Mary Oliver, my beautiful companion, who opened my eyes to poetry, and wonder, and creation has died. My heart feels sad that I have to say goodbye to this wonderful woman, yet, I will in some ways never say goodbye. For the poetry she wrote, beautiful, glorious poetry, with a depth and perception that spoke to anyone who found it, lives on. In all the books that hold her poems, and in all the people who will continue to read and be inspired by them. I for one will never let the simple pleasure of a Mary Oliver poem be lost.
Here are just a couple of my favourites, but this is just the start!
“In Blackwater Woods”.
Look, the trees
their own bodies
are giving off the rich
fragrance of cinnamon
the long tapers
are bursting and floating away over
the blue shoulders
of the ponds,
and every pond,
no matter what its
name is, is
I have ever learned
in my lifetime
leads back to this: the fires
and the black river of loss
whose other side
none of us will ever know.
To live in this world
you must be able
to do three things:
to love what is mortal;
to hold it
against your bones knowing
your own life depends on it;
and, when the time comes to let it go,
to let it go.
We are letting go of Mary Oliver the person, but never Mary Oliver, the poet.
And this one, called “In the Storm”, speaks to me about what in the end life is about. I have used it before, but maybe we need to read it again and again to let it sink in. Kindness, a little bit of kindness, isn’t that what we all want for each other.
Some black ducks
were shrugged up
on the shore.
It was snowing
hard, from the east,
and the sea
was in disorder.
Then some sanderlings,
five inches long
with beaks like wire,
snowflakes on their backs,
in a row
behind the ducks—
whose backs were also
covered with snow—
they were all but touching,
they were all but under
the roof of the ducks’ tails,
so the wind, pretty much,
blew over them.
They stayed that way, motionless,
for maybe an hour,
then the sanderlings,
each a handful of feathers,
shifted, and were blown away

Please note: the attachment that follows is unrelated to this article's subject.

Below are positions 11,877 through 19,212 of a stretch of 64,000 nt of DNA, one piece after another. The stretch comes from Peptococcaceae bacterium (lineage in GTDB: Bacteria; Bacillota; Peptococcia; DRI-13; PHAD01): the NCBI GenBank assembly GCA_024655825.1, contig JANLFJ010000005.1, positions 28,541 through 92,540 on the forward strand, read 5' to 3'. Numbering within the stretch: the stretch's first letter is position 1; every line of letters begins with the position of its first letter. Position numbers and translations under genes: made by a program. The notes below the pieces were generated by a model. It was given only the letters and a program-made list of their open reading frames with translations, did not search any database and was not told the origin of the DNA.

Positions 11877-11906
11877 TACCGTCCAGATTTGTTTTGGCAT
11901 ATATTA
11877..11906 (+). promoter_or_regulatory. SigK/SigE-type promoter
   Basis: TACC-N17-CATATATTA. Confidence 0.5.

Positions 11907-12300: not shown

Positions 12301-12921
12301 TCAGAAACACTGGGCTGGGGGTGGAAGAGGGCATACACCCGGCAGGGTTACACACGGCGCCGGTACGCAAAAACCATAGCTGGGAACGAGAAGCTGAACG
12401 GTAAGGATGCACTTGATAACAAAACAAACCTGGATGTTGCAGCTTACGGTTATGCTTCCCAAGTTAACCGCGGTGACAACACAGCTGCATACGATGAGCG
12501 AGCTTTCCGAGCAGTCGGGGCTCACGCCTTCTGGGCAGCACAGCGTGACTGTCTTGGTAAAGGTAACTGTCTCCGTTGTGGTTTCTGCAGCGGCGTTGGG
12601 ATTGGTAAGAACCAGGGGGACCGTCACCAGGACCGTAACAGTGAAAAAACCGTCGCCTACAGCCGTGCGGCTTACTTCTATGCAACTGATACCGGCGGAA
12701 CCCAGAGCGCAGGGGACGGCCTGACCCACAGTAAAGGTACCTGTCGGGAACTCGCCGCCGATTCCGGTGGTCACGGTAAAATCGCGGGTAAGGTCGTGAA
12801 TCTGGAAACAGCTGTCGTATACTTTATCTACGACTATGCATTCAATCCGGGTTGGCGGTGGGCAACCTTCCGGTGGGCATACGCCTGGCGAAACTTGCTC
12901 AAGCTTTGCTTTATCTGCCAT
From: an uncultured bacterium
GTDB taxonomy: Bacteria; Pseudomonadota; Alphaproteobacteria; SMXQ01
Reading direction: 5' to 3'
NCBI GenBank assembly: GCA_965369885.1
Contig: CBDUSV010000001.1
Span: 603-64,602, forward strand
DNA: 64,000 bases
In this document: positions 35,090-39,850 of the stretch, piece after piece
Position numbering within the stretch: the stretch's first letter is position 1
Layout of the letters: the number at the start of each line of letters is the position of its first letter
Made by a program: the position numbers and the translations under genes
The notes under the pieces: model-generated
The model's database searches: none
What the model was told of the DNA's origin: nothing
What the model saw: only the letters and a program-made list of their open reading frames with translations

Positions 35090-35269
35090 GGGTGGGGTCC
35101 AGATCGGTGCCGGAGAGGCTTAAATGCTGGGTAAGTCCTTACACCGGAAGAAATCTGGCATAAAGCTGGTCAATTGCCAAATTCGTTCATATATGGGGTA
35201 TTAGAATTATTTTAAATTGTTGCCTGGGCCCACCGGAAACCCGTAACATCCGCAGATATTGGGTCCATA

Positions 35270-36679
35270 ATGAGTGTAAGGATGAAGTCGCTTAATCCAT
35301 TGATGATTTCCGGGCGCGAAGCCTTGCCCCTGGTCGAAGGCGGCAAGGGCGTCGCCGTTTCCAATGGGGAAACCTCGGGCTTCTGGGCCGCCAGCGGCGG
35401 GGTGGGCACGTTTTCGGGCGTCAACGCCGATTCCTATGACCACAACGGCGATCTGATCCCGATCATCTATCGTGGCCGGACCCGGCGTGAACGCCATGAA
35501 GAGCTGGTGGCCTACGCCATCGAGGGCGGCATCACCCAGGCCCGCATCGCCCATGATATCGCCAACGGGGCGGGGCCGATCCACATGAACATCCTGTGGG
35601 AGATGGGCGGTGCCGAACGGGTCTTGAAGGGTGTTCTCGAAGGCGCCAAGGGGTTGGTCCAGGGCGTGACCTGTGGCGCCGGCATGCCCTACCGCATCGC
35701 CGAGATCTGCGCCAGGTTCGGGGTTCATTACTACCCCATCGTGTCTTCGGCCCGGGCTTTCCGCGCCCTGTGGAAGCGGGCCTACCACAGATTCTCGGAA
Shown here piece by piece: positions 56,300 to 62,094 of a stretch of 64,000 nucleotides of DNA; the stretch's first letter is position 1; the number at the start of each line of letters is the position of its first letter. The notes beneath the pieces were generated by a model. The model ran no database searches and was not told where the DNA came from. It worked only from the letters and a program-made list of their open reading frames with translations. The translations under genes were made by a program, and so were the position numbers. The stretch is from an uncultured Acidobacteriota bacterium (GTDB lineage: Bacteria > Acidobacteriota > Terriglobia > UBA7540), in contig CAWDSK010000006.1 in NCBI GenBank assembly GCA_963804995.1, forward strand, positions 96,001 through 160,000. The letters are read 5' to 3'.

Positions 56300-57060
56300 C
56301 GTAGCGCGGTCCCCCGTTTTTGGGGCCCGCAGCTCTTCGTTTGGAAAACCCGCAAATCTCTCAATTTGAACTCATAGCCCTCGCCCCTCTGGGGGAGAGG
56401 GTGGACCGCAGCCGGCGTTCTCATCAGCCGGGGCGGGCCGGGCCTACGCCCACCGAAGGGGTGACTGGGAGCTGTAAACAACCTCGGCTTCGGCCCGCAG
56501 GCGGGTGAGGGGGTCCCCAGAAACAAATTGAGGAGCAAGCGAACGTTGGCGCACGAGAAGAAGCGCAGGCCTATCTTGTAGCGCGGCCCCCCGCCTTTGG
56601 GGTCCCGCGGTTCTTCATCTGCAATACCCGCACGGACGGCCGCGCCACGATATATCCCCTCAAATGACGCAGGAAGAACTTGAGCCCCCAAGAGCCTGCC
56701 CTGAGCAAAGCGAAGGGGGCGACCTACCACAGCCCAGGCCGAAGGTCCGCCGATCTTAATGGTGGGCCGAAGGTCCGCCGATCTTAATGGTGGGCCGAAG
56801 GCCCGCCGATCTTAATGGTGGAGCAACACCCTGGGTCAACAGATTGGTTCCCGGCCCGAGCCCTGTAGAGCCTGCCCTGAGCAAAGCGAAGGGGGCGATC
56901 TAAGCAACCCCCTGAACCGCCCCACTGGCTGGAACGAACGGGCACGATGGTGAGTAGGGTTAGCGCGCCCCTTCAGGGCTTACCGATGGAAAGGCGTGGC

out over the water,
which was still raging.
they came back
and again the ducks,
like a feathered hedge,
stoop there, and live.
If someone you didn’t know
told you this,
as I am telling you this,
would you believe it?
Belief isn’t always easy.
But this much I have learned,
if not enough else—
to live with my eyes open.
I know what everyone wants
is a miracle.
This wasn’t a miracle.
Unless, of course, kindness—
as now and again
some rare person has suggested—
is a miracle.
As surely it is
And finally, this one, which is long, but I love it because it talks about a God in all things, in creation, in the river, in the stones, in each one of us. Its called “At the River Clarion”.
I don’t know who God is exactly.
But I’ll tell you this.
I was sitting in the river named Clarion, on a water splashed stone
and all afternoon I listened to the voices of the river talking.
Whenever the water struck a stone it had something to say,
and the water itself, and even the mosses trailing under the water.
And slowly, very slowly, it became clear to me what they were saying.
Said the river I am part of holiness.
And I too, said the stone. And I too, whispered the moss beneath the water.
I’d been to the river before, a few times.
Don’t blame the river that nothing happened quickly.
You don’t hear such voices in an hour or a day.
You don’t hear them at all if selfhood has stuffed your ears.
And it’s difficult to hear anything anyway, through all the traffic, the ambition.
If God exists he isn’t just butter and good luck.
He’s also the tick that killed my wonderful dog Luke.
Said the river: imagine everything you can imagine, then keep on going.
Imagine how the lily (who may also be a part of God) would sing to you if it could sing,
if you would pause to hear it.
And how are you so certain anyway that it doesn’t sing?
If God exists he isn’t just churches and mathematics.
He’s the forest, He’s the desert.
He’s the ice caps, that are dying.
He’s the ghetto and the Museum of Fine Arts.
He’s van Gogh and Allen Ginsberg and Robert Motherwell.
He’s the many desperate hands, cleaning and preparing their weapons.
He’s every one of us, potentially.
The leaf of grass, the genius, the politician, the poet.
And if this is true, isn’t it something very important?
Yes, it could be that I am a tiny piece of God, and each of you too, or at least
of his intention and his hope.
Which is a delight beyond measure.
I don’t know how you get to suspect such an idea.